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The Geography of Memory: A Pilgrimage Through Alzheimer's (Hardback)
  • The Geography of Memory: A Pilgrimage Through Alzheimer's (Hardback)
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The Geography of Memory: A Pilgrimage Through Alzheimer's (Hardback)

(author)
£16.99
Hardback 368 Pages / Published: 26/09/2013
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Tens of millions of Americans either suffer from Alzheimer's or care for someone who does. In a single generation, that number will triple. Jeanne Murray Walker's memoir speaks with compassionate wisdom about the gifts that wait to be discovered even in the midst of this grim disease. As Walker cares for her mother during her heartrending decline, she, her sister and her mother develop closer ties. The intimate look at illness and death-hardly acknowledged by our culture-becomes another sort of gift and after spending thousands of hours with her mother, Jeanne begins to recover her own early memories and understand her history in a transformative way. THE GEOGRAPHY OF MEMORY reveals that for all the grim news about Alzheimer's, it is possible to find joy and hope in the midst of pain.

The story is made up of three braided strands. Two are narrative: the present story of caring for her mother and the past story of Walker's childhood memories. The third strand is a series of pithy Field Notes that anchor the book in practical reflections on memory. Interwoven are chapters which flash back to Walker's teenage battles with her feisty, valiant, widowed mother. Only because Walker slowed down and spent thousands of hours in the company of her mother during the last decade of her life was she able to recover these memories. The field notes are short, poetic pauses in the narrative that address memory: what it is, how it works, how it can be strengthened, what happens when it goes away.

Geography of Memory is the hopeful story about Alzheimer's that readers are waiting to hear.

Publisher: Little, Brown & Company
ISBN: 9781455544981
Number of pages: 368
Weight: 506 g
Dimensions: 224 x 179 x 33 mm


MEDIA REVIEWS
"As the lively, witty, energetic character who was her mother begins to become hopelessly lost in Alzheimer's, poet Jeanne Walker readily shoulders her share of caregiving, a commitment of love requiring three-hour plane rides; disrupting the rhythms of her own life as a wife, mother, and professor; disquieting her with grief; and taxing her relationship with her beloved sister almost to the breaking point.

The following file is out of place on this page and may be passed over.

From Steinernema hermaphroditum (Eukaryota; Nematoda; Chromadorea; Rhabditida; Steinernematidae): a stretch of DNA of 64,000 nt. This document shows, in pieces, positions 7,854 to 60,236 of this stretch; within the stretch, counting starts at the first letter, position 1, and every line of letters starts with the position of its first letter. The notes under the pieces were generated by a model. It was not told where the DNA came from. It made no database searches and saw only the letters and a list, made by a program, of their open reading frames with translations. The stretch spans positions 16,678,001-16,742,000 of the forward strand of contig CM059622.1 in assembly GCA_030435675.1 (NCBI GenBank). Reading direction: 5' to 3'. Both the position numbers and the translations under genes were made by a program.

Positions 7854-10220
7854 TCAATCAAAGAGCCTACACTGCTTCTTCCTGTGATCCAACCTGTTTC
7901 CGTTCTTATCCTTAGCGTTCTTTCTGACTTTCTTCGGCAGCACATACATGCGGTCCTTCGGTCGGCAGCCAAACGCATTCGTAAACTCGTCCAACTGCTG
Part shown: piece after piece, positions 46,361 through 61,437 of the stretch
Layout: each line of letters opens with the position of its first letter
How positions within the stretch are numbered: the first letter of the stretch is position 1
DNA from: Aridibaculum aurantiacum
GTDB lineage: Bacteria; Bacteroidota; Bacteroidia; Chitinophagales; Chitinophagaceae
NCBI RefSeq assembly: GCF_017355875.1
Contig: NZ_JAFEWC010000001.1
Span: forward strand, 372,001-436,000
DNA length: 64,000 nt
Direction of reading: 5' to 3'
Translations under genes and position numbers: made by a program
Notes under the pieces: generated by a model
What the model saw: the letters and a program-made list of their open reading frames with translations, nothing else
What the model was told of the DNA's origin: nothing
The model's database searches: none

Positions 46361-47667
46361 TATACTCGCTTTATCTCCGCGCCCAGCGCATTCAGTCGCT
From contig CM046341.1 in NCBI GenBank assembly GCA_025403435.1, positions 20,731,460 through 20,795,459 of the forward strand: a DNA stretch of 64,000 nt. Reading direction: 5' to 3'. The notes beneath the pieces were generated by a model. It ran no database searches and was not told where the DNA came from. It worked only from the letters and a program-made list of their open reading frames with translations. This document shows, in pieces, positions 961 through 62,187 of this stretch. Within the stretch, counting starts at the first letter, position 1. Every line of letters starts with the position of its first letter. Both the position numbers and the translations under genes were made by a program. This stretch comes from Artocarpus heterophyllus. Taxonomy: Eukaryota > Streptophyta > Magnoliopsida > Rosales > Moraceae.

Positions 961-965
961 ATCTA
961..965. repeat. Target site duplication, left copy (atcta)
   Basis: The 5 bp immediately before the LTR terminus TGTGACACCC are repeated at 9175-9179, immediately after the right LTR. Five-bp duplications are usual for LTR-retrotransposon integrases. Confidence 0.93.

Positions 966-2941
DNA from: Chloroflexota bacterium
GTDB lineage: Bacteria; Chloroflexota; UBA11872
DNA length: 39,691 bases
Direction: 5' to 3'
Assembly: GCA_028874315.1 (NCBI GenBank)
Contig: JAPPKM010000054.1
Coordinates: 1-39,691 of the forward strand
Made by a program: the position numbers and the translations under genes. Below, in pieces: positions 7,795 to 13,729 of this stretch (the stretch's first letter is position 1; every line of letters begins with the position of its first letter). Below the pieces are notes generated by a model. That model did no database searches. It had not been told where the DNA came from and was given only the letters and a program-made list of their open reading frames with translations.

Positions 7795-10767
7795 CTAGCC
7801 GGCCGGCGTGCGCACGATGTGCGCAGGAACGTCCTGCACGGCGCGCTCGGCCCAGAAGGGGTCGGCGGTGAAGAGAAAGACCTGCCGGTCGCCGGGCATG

Yet the narrative as a whole says much more. At some point, knowing so well the story of her mother's life, Walker begins to find her crazy communications intelligible-to realize that her mother is talking in metaphors, and to understand them. The farther away her mother wanders, the closer their relationship. The love between them strengthens. Trying to follow the details of her mother's life as she recalls them, now, in fragments, Walker finds to her surprise that she is not only recovering her own childhood memories but also understanding them in a new way-a set of insights ranking among the most precious of her life.

In plainsong prose evoking her heartland roots, Jeanne Walker locates the gifts to be found in the darkest days of a loved one's decline and death, a story of redemption that will inform and encourage anyone caring or expecting to care for ill and aging parents--or anyone at all."--Peggy Anderson, author of New York Times bestsellers "Nurse" and "Children's Hospital "

"As the lively, witty, energetic character who was her mother begins to become hopelessly lost in Alzheimer's, poet Jeanne Walker readily shoulders her share of caregiving, a commitment of love requiring three-hour plane rides: disrupting the rhythms of her own life as a wife, mother, and professor, disquieting her with grief, and taxing her relationship with her beloved sister almost to the breaking point.
Yet the narrative as a whole says much more. At some point, knowing so well the story of her mother's life, Walker begins to find her crazy communications intelligible-realizing that her mother is talking in metaphors and understanding them. The farther away her mother wanders, the closer their relationship. The love between them strengthens. Trying to follow the details of her mother's life as she recalls them, now, in fragments, Walker finds to her surprise that she is not only recovering her own childhood memories but also understanding them in a new way-a set of insights ranking among the most precious of her life.
In plainsong prose evoking her heartland roots, Jeanne Walker locates the gifts to be found in the darkest days of a loved one's decline and death, a story of redemption that will inform and encourage anyone caring or expecting to care for ill and aging parents-or anyone at all." "Peggy Anderson, author of New York Times bestsellers "Nurse" and "Children's Hospital """

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